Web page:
Around 21:00 I noticed an Eumenes male on Goldenrod. However as soon as the flash flashed he jolted only to return some time later. During the wait in this loop a Macroglossum stellatarum  moth appeared that against expectations ignored most of the flowers and seemed most interested in the foliage. The calmer way of flying was in clear contrast with the normal lightning fast jolting from flower to flower.
This behaviour became even more determined; she ignored even the Centranthus ruber flowers, in our garden the go-to nectar source for this moth species. Flying next to me low above ground the moth approached a patch of Centranthus plants ornamented with a few flowers that remained as they all had finished blooming and it became clear she was in it for the greens not the reds. At one moment she hung in front of a young petal, it almost seemed like she had landed, which raised suspicion she might have laid an egg.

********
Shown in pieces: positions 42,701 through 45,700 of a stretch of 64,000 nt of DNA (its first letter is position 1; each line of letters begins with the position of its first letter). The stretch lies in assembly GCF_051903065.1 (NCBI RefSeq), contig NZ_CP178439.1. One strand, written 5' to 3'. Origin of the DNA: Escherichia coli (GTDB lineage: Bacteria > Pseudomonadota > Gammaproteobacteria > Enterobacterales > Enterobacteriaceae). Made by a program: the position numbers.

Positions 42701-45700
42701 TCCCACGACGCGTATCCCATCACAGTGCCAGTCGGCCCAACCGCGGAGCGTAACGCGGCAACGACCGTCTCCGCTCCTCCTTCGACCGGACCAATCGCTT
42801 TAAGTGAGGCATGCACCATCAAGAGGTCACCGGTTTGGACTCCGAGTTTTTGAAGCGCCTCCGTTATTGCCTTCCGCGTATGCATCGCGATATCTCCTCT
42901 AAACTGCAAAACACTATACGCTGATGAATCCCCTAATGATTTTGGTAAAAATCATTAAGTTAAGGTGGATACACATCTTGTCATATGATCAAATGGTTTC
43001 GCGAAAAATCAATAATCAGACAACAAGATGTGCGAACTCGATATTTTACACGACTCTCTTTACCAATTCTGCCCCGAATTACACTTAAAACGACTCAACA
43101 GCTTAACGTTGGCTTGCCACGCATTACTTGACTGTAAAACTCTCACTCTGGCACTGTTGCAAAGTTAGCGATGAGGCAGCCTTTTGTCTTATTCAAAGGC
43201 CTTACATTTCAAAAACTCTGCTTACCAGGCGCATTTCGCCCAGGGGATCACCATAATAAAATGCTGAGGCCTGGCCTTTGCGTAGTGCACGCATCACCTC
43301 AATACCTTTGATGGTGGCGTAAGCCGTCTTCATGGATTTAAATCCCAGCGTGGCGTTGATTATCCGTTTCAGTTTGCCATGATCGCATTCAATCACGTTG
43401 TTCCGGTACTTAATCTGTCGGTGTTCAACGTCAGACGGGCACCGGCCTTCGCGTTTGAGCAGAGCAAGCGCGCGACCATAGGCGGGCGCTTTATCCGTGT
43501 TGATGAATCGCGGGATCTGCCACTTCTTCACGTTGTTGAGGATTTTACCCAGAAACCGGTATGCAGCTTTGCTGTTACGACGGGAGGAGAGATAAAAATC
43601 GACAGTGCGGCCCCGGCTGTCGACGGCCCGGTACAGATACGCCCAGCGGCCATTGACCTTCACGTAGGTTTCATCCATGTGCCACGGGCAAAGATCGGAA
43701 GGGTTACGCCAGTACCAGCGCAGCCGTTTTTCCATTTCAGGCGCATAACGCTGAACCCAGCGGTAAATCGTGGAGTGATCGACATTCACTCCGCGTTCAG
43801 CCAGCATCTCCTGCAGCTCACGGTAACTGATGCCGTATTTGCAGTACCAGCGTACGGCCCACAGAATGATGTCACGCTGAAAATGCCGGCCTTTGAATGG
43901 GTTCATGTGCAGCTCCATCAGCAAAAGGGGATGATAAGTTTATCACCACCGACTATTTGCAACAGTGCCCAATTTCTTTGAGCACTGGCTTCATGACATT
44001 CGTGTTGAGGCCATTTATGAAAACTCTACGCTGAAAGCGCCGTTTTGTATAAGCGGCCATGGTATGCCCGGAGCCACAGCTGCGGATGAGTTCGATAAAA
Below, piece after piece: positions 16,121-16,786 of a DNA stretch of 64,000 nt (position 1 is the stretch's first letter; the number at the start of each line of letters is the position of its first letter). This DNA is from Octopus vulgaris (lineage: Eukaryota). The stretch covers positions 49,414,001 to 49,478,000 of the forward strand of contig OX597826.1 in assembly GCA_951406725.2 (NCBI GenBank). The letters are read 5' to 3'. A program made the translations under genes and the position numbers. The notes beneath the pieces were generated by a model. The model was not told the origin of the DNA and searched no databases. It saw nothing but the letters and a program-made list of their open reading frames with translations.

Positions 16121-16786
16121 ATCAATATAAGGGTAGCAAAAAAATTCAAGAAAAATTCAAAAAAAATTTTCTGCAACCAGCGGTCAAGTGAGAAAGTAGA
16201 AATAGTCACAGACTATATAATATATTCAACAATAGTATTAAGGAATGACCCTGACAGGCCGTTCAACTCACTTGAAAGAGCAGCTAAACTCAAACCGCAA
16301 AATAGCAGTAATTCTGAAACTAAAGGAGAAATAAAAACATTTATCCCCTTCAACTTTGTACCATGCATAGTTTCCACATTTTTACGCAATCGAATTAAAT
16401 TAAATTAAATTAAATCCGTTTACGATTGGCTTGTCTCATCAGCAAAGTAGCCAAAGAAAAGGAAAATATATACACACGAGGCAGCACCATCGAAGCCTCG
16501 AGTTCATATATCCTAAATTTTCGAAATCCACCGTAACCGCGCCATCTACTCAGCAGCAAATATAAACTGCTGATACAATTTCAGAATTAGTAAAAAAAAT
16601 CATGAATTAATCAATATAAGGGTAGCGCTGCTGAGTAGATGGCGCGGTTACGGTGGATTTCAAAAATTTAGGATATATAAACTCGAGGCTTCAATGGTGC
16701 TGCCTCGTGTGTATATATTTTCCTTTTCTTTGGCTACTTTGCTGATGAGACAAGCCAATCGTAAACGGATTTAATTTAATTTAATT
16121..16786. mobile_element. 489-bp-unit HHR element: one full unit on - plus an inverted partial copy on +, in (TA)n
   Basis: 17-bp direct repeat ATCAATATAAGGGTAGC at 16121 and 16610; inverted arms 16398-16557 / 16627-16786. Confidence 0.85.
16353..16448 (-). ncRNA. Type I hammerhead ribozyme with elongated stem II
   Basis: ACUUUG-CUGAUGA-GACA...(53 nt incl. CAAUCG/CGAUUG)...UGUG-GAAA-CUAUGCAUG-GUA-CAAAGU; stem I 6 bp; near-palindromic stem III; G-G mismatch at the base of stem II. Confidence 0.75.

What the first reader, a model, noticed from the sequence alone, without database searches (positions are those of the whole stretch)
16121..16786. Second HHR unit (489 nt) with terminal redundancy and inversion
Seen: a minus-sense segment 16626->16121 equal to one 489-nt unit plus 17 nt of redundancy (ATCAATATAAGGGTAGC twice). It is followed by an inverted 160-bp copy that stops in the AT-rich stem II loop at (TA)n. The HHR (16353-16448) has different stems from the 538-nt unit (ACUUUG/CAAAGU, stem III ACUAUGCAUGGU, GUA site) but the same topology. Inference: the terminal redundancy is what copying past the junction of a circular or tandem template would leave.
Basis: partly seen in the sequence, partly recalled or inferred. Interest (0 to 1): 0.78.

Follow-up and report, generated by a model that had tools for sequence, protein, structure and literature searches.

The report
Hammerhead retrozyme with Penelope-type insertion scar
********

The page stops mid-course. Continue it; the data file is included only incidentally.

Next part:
And for sure… a large globular almost structureless satin green egg decorated the plant at inspection.
Two days later another specimen appeared whose flight indicated she was looking for a spot to lay an egg. This one did drink from the Centranthus ruber before depositing an egg on one of the flowers.
References1 Nederlands Soortenregister